…because some thoughts are worth remembering
The word diversity is “trending”. With racial tensions around the globe with the influx of refugees from war-torn countries and the judiciary system (among others) that have failed our “colored” population (ugh, I don’t like that term! Is black no longer politically correct? How about non-whites if I want to also include other minorities/ethnicities?) every publication and media outlets are including the word diversity at every opportunity. As a matter of fact, the repeated use and misuse of the word have taken some of the gravity away from the discussion on the importance of diversity, where there is now a backlash with the use of the word diversity.
Innovation is another tired word. But because it is considered to be directly linked to economic prosperity (and possibly increase in quality of life that comes from identifying cures for diseases, etc.), this word continues to enjoy some clout.
Ok, that was a long warm up to introduce my key question, which is that in many of the articles where both those words are used, they seem to emphasize the importance of diversity because they assume that diversity is linked to or causes innovation. That is often the premise and they explore further how we can bring more diversity to the innovation process. Sure, I already buy the assumption so I’ll keep reading these articles, but WHY does diversity improve or increase innovation? What is it about diversity, having a heterogeneous group representing different races, sex, religion, socio-economic status, etc. that results in more or better innovation?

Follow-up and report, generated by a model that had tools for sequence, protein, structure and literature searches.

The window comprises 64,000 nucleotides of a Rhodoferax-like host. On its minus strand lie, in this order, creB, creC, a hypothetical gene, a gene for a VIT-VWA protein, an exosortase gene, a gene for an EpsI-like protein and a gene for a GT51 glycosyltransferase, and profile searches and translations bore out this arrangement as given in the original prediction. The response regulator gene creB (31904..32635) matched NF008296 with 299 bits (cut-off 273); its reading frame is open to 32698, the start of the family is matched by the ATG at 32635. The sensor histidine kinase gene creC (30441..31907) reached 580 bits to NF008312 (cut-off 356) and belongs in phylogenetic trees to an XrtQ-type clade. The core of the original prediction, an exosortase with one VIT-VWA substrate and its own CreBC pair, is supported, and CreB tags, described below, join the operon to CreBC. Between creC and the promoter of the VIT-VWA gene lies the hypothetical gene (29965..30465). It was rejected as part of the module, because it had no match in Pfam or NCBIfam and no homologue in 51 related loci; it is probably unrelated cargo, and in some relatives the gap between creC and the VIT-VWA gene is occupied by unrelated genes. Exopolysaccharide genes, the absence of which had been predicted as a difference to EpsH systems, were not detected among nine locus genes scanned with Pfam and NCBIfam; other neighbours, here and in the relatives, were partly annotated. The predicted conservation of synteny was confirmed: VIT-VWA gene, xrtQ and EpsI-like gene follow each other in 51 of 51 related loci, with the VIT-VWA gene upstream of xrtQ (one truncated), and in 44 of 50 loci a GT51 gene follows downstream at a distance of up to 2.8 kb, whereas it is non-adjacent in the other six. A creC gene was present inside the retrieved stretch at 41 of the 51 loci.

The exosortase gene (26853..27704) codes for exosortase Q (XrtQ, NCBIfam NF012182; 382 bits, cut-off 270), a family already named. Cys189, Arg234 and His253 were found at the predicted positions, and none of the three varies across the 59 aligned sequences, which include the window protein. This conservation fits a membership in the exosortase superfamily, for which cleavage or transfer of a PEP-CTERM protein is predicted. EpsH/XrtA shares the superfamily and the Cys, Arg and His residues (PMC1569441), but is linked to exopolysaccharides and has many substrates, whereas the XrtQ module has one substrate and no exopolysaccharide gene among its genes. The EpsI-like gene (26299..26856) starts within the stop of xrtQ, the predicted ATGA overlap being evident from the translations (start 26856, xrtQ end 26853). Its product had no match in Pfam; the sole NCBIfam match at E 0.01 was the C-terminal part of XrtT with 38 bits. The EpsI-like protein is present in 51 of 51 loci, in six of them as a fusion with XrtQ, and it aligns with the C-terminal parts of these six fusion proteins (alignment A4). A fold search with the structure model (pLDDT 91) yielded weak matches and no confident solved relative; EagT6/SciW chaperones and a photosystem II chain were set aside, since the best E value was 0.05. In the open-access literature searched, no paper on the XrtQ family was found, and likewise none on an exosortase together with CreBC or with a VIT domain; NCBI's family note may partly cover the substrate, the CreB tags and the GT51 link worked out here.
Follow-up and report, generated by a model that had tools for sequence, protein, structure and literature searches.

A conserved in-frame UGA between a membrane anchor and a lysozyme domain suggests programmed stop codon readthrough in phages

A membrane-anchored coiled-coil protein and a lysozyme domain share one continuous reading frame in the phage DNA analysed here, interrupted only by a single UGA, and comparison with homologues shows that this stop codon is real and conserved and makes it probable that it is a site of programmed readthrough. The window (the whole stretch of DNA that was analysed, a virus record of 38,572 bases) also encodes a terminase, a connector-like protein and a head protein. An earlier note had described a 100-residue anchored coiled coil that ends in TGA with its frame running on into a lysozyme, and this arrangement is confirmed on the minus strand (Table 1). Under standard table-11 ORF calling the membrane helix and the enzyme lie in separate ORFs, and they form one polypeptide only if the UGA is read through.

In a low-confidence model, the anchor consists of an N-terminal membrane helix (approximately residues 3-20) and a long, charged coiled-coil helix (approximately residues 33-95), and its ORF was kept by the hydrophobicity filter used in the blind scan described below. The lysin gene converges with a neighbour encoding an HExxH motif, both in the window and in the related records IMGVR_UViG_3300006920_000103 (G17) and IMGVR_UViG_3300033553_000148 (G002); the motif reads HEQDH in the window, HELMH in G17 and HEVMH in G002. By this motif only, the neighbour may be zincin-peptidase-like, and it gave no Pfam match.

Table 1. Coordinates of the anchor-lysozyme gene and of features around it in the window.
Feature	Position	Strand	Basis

Sure, with people from diverse backgrounds, there may be more ideas that are generated with different points of view, but more isn’t necessarily better, as the paradox of choice research has shown. I so believe that diversity is better, in a team, for a company, in networking, (of ingredients) on a plate, that I didn’t think about it much further.
According to this article in Scientific American, diversity makes us smarter not because people with different backgrounds provide new information but apparently, interacting with people of different backgrounds forces us to be better prepared because we anticipate alternative viewpoints and consensus will be required. …Cool.
I was thinking about the mechanism of how that works in our psyche. My thesis is that diversity helps the innovation process because diversity forces us to confront our ideas not necessarily based on facts but on assumptions. With a homogeneous group, assumptions are shared, and therefore, they are often treated as facts. When someone from a different background enters the discussion, they have to explain from step 1, except that they realized there was a step 0 before that where they assumed a few points which may not have been obvious to the new member or may not be considered true.
Diversity covertly challenges our assumptions, thereby interrupting our deep tendency for confirmation bias, a cognitive dissonance where we tend to collect, interpret and favor information that supports what we already believe. How deep? Even people who are aware of this phenomenon rarely escape it. Here, try it yourself using this quick puzzle.
Do you believe me now? Don’t be too quick to agree with me though, because that would be your confirmation bias speaking.
Photo: Diverse fruits and vegetables available at Seattle’s Pike Market, Washington.